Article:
If a cluttered desk is a sign of intelligence, then I must rival Einstein. My desk is a mess.
Yesterday I decided to try to clear off my desk in an hour or so. I never got past the first journal I picked up.
I had not yet read the July-September 2020 issue of DTS’s Bibliotheca Sacra. I started by reading an article by Seth Postell arguing that for the person who is observant, the OT is filled with references to the Messiah. That is an outstanding article. I may write a blog about it soon.
BibSac has taken to publishing transcripts of DTS podcasts. I find this surprising, since they are not really articles and certainly not journal articles. But an article in this issue really caught my eye: “Sharing the Whole Gospel.” I wondered what that was about.
Normally, the full gospel refers to the Charismatic idea that there is a potential second work of grace that God wishes to do in us. The first work is salvation (typically viewed as initially by commitment, repentance, and faith and then kept by faith and works). But the expression the whole gospel was new to me.
Darrell Bock and Mikel Del Rosario discuss previous conversations with Spaulding, Dickson, and Yuan. The discussion proved to be on target with questions Shawn, Ken, and I receive a lot. Shouldn’t we start out our evangelistic presentations by telling people that they are sinners and then proving it to them?
Bock holds to what he calls mild Lordship Salvation. It is reasonable to think that Del Rosario and the three people whose views they discuss all hold to that position as well. However, none of that comes out in this article, other than by implication.
By the gospel, they mean the saving message. By the whole gospel, they mean the full picture, not just the answer to the question, “What must I do to be saved?”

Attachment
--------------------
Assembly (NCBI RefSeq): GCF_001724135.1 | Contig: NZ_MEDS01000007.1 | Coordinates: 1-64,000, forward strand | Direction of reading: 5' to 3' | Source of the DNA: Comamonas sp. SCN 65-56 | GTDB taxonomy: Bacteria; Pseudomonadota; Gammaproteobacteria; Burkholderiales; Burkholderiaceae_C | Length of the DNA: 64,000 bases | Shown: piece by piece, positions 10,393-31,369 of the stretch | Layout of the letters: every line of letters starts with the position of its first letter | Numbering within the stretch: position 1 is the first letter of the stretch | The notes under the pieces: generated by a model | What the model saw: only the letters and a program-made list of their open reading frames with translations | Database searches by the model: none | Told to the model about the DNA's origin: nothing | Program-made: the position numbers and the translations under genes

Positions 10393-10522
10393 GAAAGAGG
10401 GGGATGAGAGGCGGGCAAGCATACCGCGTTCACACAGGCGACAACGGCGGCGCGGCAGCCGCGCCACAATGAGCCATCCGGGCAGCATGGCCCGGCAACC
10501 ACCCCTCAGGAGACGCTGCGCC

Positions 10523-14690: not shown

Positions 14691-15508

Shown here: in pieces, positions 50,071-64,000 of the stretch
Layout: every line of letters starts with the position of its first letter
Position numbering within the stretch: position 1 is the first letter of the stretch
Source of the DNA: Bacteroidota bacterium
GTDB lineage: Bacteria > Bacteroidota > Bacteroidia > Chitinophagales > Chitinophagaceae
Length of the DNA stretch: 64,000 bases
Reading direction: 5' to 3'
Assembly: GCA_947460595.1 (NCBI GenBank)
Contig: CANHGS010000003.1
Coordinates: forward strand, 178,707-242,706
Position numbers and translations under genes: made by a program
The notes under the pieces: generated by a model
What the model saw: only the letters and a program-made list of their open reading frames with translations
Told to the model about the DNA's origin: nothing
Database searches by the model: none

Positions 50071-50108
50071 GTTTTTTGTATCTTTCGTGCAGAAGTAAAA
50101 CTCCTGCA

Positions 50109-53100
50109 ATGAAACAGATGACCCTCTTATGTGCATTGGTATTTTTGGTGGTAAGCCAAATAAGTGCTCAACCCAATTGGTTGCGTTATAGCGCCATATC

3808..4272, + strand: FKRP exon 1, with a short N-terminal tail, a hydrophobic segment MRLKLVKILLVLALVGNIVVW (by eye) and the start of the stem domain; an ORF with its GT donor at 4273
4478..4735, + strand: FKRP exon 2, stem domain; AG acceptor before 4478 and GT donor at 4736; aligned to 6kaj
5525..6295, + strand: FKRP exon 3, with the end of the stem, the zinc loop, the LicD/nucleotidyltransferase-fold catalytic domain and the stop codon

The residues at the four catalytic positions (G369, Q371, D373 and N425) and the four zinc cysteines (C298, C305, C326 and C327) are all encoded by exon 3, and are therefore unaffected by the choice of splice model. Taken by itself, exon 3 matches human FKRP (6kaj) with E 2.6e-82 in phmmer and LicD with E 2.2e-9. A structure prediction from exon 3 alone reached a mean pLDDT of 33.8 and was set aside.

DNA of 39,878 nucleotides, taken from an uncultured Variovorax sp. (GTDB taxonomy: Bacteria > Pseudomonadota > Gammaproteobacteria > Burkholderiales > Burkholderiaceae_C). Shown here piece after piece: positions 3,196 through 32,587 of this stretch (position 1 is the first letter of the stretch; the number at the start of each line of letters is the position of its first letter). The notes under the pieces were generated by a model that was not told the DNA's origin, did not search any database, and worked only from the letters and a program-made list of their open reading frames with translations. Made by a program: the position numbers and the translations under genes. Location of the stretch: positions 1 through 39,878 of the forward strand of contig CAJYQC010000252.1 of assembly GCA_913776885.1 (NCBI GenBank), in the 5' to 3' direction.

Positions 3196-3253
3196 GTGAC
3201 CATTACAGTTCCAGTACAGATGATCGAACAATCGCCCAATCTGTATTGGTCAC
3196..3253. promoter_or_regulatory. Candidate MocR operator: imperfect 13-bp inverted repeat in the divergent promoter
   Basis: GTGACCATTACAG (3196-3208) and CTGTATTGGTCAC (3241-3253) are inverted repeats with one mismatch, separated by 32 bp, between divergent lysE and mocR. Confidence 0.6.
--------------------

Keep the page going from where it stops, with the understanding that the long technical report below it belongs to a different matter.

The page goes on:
Most people start out their evangelistic presentation “by essentially telling the person, ‘First, you are [a] sinner and you need to be fixed’” (p. 352). Bock and Del Rosario do not reject that idea. Evidently, they believe that one must turn from his sins to be born again. However, they do reject the idea that our evangelism should start there.
They say that starting by telling people that they are sinners who need fixing “can lead some people to see God primarily [as] a cosmic judge who keeps track of human faults in order to bring punishment” (p. 352). They add, “Beginning spiritual conversations with the Fall in Genesis 3 begins at the wrong point, in the middle of the Gospel story. Skipping over Genesis 1 hinders people from seeing a fuller picture of God and humanity.” They then cite Spaulding as saying that “they should begin with the biblical truth that all humans are created in God’s image. He designed the gospel to take us back to the initial purpose of life and our original design” (p. 352). “Preaching the whole gospel means including the beauty of creation, beginning in a positive place” (p. 352).